Nick Usborne almost saved me from hours of worry, lots of wasted money, and a general identity crisis.
I say almost because I went through all those problems a couple of years ago. If you’re facing them right now, though, you’re in luck: you can read the article he wrote for today’s Wealthy Web Writer e-letter.
It has to do with choosing a name for your business.
3 Different Ways To Go With Your Business Name
Look around at all the other freelance writer websites out there. A huge majority use just their names:
Then you’ve got the subject-focused website names:
Or, the hybrid of the two:
When I finally settled on a name, I opted for the third strategy. I liked the idea of personalizing my website and business name, but I also wanted a descriptive word in there that would help with keyword optimization.
That’s why I chose mtmcopywriting.com. True, it’s not my name exactly, but using my full name was much too long: mindytysonmchorsecopywriting.com.
Just mindycopywriting.com was too informal … and I simply didn’t want to use only my last name, so that was out.
A Short List Of Accidental Names
I’m quite comfortable with MTMCopywriting as my brand. It suits me. At the same time, it took a while to get here. At one point, I owned treecopy.com. (Because I like trees.)
At another point, I owned some version of wellnesscopywriting.com … maybe that was even it. But, I let it go, knowing I couldn’t focus solely on wellness copy.
Truth is, I was totally uncomfortable putting my own name out there. What if someone I knew Googled me? I didn’t want to be found by some nosy Nancy wondering what was going on in my life. I wanted to be found by somebody who needed and searched for what I offered. (Incidentally, I wonder how I thought anybody would ever need treecopy???)
Make Sure You’re At Least Original
Here’s some amusement: I just pulled out a stack of business cards I have from past Bootcamps. For one, it’s pretty amusing to see how many people (including me) didn’t have websites listed on their business cards three years ago.
For another thing, it’s unnerving how many people use the word “write” in place of “right” in their business names:
I apologize if I offend you, but I’m against this. We’re not supposed to be cute and clever in our copy, so it’s my opinion that we shouldn’t do it in our business names.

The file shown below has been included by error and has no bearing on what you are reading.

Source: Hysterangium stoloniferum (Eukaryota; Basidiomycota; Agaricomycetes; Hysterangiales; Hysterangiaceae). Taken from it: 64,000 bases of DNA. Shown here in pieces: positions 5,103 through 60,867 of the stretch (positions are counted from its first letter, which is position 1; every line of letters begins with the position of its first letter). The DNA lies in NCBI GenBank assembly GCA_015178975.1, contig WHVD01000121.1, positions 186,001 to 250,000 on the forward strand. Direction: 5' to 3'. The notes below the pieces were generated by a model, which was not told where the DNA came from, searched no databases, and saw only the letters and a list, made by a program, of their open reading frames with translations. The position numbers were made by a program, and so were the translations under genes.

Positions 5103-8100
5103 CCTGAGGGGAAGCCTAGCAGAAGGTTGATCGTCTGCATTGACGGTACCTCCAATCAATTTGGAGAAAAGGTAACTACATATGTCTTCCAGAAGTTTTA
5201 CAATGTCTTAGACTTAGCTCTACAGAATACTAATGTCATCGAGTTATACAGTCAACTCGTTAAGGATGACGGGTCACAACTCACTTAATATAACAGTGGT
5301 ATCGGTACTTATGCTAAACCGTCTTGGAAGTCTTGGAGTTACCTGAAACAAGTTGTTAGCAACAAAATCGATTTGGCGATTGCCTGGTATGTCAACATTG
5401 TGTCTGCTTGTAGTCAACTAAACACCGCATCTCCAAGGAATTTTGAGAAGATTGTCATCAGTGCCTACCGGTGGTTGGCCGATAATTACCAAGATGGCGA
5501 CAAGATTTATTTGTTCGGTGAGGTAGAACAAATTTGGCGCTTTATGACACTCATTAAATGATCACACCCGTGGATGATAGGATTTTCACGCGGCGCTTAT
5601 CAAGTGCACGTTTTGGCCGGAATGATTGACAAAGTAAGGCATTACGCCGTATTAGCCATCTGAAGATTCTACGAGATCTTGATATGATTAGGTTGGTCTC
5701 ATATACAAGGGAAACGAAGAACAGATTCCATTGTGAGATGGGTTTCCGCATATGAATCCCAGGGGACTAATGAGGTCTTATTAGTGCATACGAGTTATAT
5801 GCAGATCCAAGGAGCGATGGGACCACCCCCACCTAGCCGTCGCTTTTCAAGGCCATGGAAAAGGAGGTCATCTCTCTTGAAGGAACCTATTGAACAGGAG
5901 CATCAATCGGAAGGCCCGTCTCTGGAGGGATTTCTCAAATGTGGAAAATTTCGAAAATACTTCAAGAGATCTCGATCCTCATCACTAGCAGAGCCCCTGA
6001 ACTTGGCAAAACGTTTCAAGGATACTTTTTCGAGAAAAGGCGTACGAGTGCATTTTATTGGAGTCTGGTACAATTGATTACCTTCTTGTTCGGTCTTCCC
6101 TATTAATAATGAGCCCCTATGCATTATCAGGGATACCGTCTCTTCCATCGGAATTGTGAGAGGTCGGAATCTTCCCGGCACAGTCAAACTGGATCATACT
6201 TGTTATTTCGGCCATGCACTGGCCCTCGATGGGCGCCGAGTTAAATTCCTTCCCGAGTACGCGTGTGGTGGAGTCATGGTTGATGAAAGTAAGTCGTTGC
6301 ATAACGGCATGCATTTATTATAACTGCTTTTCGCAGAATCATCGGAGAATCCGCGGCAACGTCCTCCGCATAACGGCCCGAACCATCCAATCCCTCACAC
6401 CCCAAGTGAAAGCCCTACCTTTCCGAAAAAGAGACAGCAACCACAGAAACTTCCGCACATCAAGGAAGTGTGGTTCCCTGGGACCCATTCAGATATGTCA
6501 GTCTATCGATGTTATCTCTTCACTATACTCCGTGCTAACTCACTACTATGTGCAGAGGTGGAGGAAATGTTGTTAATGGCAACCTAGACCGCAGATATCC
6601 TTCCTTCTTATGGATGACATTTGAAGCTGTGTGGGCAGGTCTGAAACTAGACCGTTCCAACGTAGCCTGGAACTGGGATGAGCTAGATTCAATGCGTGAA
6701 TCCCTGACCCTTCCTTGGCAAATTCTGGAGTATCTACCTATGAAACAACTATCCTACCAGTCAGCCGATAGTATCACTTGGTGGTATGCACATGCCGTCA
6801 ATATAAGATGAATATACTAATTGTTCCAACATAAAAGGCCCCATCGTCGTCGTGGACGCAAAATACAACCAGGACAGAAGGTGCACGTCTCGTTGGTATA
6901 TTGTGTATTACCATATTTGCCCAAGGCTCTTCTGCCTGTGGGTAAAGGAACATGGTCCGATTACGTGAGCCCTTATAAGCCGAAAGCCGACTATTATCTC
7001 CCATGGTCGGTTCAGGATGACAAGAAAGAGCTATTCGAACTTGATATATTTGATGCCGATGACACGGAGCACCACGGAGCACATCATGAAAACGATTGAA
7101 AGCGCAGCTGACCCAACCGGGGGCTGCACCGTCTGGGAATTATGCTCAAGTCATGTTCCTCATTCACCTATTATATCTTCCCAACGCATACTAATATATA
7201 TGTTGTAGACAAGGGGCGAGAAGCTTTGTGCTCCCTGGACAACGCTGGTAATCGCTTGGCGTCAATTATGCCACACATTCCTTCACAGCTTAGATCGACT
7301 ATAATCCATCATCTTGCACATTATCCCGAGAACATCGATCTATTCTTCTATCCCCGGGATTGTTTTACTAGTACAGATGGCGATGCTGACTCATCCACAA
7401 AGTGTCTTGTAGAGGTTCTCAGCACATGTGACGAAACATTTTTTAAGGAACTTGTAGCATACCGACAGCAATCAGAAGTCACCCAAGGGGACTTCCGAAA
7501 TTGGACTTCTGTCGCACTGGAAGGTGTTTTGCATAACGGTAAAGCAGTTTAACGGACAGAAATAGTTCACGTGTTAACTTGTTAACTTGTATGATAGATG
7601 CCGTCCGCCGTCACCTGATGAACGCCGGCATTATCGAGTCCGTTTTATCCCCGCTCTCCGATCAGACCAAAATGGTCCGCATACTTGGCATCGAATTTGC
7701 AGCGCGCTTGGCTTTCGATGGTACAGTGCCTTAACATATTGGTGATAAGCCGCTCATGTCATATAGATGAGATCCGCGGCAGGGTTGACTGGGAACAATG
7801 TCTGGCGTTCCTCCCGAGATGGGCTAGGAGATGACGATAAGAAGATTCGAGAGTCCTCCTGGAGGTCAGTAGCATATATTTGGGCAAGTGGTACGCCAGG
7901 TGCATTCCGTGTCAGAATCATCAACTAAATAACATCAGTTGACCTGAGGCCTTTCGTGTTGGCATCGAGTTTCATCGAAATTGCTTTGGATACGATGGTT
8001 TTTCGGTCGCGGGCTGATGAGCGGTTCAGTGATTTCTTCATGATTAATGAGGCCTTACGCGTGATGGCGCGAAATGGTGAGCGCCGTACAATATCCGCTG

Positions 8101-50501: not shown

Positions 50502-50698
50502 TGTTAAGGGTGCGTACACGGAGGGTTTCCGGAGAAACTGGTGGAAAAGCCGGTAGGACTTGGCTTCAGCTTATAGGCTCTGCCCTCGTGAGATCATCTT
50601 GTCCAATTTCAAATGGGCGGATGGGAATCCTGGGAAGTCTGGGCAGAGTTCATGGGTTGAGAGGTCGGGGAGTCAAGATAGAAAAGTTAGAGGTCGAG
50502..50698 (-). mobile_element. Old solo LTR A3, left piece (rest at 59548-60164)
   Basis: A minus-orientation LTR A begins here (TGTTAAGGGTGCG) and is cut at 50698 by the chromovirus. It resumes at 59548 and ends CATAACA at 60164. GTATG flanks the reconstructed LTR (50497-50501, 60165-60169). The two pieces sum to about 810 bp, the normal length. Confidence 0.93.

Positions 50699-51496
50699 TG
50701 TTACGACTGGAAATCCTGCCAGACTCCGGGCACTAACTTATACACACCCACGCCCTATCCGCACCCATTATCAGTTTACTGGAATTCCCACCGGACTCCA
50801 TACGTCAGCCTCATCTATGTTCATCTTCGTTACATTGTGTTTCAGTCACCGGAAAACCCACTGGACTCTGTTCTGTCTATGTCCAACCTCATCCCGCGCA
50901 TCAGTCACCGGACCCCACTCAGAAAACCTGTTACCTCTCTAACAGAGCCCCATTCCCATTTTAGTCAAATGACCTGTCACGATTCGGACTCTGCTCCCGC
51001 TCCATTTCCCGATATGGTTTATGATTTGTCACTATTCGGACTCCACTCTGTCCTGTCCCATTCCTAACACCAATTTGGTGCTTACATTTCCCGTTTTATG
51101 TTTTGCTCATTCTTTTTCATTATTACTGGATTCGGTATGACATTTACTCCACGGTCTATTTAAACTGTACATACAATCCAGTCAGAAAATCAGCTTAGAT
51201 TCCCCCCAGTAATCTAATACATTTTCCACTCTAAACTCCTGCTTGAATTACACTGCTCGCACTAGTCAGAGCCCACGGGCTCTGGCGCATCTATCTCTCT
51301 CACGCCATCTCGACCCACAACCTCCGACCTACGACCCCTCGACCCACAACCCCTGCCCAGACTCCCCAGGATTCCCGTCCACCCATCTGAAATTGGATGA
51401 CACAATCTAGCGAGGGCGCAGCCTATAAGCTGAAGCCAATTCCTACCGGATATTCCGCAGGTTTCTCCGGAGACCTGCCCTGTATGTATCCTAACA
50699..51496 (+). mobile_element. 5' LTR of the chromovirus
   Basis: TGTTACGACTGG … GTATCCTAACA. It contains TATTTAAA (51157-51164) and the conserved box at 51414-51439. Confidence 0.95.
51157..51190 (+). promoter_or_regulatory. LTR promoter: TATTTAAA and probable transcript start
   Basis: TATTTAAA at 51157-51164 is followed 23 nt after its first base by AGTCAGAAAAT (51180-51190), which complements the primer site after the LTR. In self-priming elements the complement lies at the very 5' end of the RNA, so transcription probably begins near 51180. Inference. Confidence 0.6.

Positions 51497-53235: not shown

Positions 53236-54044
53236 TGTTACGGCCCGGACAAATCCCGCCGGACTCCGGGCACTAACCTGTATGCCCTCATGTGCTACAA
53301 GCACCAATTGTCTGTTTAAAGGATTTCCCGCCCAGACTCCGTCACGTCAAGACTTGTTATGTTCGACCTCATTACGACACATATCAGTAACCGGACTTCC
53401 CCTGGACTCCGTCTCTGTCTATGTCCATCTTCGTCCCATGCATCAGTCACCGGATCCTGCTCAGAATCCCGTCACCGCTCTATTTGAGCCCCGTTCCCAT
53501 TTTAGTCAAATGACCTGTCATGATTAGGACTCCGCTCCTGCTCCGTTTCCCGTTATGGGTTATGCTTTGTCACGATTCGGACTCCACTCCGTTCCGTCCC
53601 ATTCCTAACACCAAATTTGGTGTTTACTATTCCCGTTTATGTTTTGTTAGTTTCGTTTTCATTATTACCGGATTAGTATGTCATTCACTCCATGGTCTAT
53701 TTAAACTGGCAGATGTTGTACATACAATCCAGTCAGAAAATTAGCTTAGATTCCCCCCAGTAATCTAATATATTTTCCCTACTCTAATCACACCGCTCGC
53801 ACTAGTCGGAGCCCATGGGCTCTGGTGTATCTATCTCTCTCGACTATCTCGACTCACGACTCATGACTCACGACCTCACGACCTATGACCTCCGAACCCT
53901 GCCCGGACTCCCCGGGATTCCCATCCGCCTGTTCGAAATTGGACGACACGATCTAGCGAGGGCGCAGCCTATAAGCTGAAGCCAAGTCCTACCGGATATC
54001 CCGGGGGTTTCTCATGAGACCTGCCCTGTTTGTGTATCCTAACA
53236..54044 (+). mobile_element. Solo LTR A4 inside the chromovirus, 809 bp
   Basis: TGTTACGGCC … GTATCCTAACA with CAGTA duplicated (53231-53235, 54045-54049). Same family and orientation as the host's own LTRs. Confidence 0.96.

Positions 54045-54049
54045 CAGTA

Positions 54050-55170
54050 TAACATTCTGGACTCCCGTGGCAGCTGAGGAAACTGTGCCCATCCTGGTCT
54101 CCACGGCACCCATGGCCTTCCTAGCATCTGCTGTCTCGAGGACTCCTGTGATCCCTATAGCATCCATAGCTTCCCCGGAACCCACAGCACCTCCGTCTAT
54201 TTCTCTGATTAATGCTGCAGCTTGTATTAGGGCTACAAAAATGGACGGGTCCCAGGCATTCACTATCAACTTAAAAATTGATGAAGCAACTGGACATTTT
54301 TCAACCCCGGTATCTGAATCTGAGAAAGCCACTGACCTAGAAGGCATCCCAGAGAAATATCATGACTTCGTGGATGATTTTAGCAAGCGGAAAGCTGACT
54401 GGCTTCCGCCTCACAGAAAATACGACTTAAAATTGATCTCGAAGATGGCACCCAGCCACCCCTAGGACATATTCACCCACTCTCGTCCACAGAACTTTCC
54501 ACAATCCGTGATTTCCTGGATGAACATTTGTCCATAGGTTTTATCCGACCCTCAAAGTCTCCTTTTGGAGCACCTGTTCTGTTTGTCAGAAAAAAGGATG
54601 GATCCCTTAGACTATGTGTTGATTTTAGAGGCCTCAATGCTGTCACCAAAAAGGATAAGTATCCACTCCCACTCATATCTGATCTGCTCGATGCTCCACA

Plus, it hardly makes you look original.
Two Rules You MUST Follow
Regardless of what website name you end up choosing, there are two things I think you should do.
- Purchase your own name as a domain, even if you’re not going to use it. You never know — you could make it big someday, and then someone could try and piggyback off your success by using your name. I say, buy it to protect it.
- Choose something you can stick with for the long haul. If you’re going to specialize and you know you’ll never have any interest beyond your specialty, go with something like wellnesscopywriting.com or aerospacemarketing.com. But, if there’s a chance you’ll change focus as your business grows, you don’t want to risk being out of sync with your name. My take is to use a word like “copywriting,” “marketing,” or “communications” in your name. They’re just versatile enough to allow you wiggle room if you flip-flop niches during your first few years.
And If You’re A John Doe?
If you have a name like Jason Smith (a guy I know) or Andrea Anderson (a girl I know) and your name is already taken as a URL, don’t panic. Either incorporate your middle initial or middle name, add a descriptive noun at the end of your name, or change your name to something more memorable.
I’m serious about the changing your name part. If you’re comfortable with it, do it. I read the name “Amy Africa” in a marketing blog over a year ago, and it’s stuck with me ever since. Mind you, I don’t know if that was the author’s real name or not, but it certainly was memorable. It’s also a good way to protect your identity, if privacy is something you worry about.
Other than that … well, just know that you’ll get there. It’s a lot like all of the other hurdles that come with starting out. There’s a little awkwardness and a fair amount of uncertainty, but you’ll get past it. And, it’ll be SOOOOO worth it when you do!
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